COATES: Even in the aftermath of the deadly attack on the Capitol, Trump and his co-conspirators were still trying to convince lawmakers to overturn the election.

MATTHEWS: I think that they were using the violence and chaos to their advantage to have more time to make calls to lawmakers and try to get them to go along with their scheme.

COATES: Coming up.

JOHN DEAN, FORMER NIXON WHITE HOUSE COUNSEL: The rule of law is at stake. The American democracy is at stake. We have never played at higher stakes than this.



COATES: When you look at where we are, I mean, we're standing in front of the White House, the stakes in this trial are enormously consequential.

DEAN: The rule of law is at stake. The American democracy is at stake. We have never played at higher stakes than this.

COATES (voice-over): And John Dean would know.

DEAN: There was a cancer growing on the presidency.

COATES: The former White House counsel turned cooperating witness in the Watergate scandal is remembered as the man who brought down former president Richard Nixon. At the time it was arguably the biggest scandal the presidency had ever faced.

You said it once that you thought that the darkest days were behind us after the Nixon-Watergate scandal. Is that still true?

DEAN: It is not true. I didn't think we would ever go back to worse than Watergate, but we are there today. We have never been more threatened.

COATES: How strong is this case?

HONIG: I think this is a good case, a strong case, but not necessarily an overwhelming case. The way these laws are being applied is novel and it's not Jack Smith's fault. It's because we've never seen anything like this.

COATES (voice-over): In this trial, most of the facts aren't up for debate.

CHILDRESS: Whenever you're doing any criminal case, intent is always a big part of it. Proving intent is always difficult.

DAVID SCHOEN, FORMER TRUMP ATTORNEY: The indictment rises and falls on whether the jury believes that Donald Trump honestly thought there might have been election fraud or some election irregularity. Knowing him as well as I do and in talking to him many times I believed that he firmly believed that there were election irregularities that made a difference in the election.

HONIG: What Jack Smith is going to have to show is that Trump knew he lost. The way you have to do that is primarily in this case with testimony from people around him. I think we're going to see a parade of witnesses at this trial taking the stand, saying, I told Donald Trump no unequivocal terms he had lost this election.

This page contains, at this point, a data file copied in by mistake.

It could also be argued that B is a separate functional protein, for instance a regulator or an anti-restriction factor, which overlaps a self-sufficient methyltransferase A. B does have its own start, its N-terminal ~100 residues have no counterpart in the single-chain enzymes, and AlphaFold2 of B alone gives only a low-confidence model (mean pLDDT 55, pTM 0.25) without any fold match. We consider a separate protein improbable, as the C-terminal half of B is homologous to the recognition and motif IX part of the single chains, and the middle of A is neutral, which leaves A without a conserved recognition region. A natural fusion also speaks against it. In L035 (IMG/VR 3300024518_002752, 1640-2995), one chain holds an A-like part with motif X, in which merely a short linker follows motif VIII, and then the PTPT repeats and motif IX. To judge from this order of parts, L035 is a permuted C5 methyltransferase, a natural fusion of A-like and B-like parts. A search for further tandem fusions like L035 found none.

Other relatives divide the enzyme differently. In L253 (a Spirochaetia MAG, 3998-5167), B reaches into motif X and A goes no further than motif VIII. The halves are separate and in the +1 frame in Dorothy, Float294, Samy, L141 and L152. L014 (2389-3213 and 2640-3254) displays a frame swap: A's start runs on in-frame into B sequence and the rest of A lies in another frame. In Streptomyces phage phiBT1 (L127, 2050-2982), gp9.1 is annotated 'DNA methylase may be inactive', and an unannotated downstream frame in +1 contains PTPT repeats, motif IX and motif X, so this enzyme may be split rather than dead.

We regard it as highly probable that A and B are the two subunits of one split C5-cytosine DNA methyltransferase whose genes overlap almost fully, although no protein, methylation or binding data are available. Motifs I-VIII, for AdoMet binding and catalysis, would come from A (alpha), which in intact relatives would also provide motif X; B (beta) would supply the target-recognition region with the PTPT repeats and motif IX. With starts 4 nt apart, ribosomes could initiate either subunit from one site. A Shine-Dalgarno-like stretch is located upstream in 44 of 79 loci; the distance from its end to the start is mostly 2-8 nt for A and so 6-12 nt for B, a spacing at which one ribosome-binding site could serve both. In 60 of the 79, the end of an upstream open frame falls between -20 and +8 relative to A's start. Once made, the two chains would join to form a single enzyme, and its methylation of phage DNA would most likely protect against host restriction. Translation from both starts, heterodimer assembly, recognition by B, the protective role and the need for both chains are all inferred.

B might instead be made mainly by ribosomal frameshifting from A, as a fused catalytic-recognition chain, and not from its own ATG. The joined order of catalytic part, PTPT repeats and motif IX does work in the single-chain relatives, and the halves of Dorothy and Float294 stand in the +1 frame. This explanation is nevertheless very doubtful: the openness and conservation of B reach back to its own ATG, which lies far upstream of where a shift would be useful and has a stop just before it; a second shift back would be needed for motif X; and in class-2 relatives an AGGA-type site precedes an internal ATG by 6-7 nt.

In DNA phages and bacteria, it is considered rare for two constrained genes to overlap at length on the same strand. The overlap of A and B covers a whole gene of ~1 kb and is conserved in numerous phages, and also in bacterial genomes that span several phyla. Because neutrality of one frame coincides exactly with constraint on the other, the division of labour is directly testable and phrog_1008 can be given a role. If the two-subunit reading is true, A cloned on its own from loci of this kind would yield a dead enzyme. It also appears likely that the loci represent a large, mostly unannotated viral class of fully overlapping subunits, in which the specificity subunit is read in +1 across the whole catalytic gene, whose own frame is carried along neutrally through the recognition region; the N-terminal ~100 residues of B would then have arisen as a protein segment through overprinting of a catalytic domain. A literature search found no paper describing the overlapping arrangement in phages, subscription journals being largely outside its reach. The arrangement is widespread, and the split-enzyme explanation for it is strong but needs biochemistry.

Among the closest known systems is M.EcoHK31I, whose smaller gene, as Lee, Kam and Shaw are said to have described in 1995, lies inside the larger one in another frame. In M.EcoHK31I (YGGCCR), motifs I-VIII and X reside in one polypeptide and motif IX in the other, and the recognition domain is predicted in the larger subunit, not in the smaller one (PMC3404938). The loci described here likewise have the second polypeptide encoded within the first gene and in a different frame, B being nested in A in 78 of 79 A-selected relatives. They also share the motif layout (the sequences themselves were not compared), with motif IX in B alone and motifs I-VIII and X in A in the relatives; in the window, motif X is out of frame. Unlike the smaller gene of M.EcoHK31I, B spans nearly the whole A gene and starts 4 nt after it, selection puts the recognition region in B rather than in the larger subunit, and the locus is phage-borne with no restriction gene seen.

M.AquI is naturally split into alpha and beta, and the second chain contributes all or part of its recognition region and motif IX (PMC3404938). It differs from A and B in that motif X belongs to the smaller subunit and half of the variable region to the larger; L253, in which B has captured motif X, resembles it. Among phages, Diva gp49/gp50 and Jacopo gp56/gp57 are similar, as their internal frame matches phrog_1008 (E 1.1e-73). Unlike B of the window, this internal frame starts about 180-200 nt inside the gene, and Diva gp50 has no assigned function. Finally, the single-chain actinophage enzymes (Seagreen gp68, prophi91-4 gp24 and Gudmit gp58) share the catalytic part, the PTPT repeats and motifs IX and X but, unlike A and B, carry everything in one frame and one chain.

COATES: Is it going to be difficult to meet this burden of proof?

CHILDRESS: I never tried a case that wasn't difficult and that's the way our system was meant to be. Taking away somebody's liberty should be hard and that beyond a reasonable doubt is a tough burden to reach.

COATES: What do you think is Trump's strongest defense?

PARLATORE: I think that a laser-focused defense on he believed that there was fraud.

TRUMP: You know, I've had two elections. I won both of them. It's amazing.

PARLATORE: And that every action he took was based on what he believed his obligations as the chief executive to ensure that the laws are faithfully executed, to ensure that the will of the people was accurately counted. I think that if he keeps a laser-focus on that, that is where the case is winnable at trial.

SCHOEN: I think the advice of counsel is an important defense in the case. I can assure you he had many people, lawyers and investigators and otherwise telling him they absolutely could prove that there was election fraud. And I think he was entitled to trust those people whose counsel he chose to trust.

GOODMAN: I don't think that's going to end up working for him.


GOODMAN: Many other lawyers that he would point to are his co- conspirators so if your lawyers are involved in a conspiracy that's not going to work for you as a legal defense.

LITMAN: The law is very specific about this. If that's what you want to say, advice of counsel, you need to show everything you learned. That means not just Eastman, but there were lawyer after lawyer within his inner circle who told him there's nothing here. You can't go forward. And all the evidence suggests that Trump just kept going and going and going until he could get the answer he wanted.

COATES (voice-over): There has been a sprint by the prosecution to have this trial heard as soon as possible.

HONIG: I think Jack Smith probably believes that the American public deserves an answer before they go to the ballots and decide who they're voting for.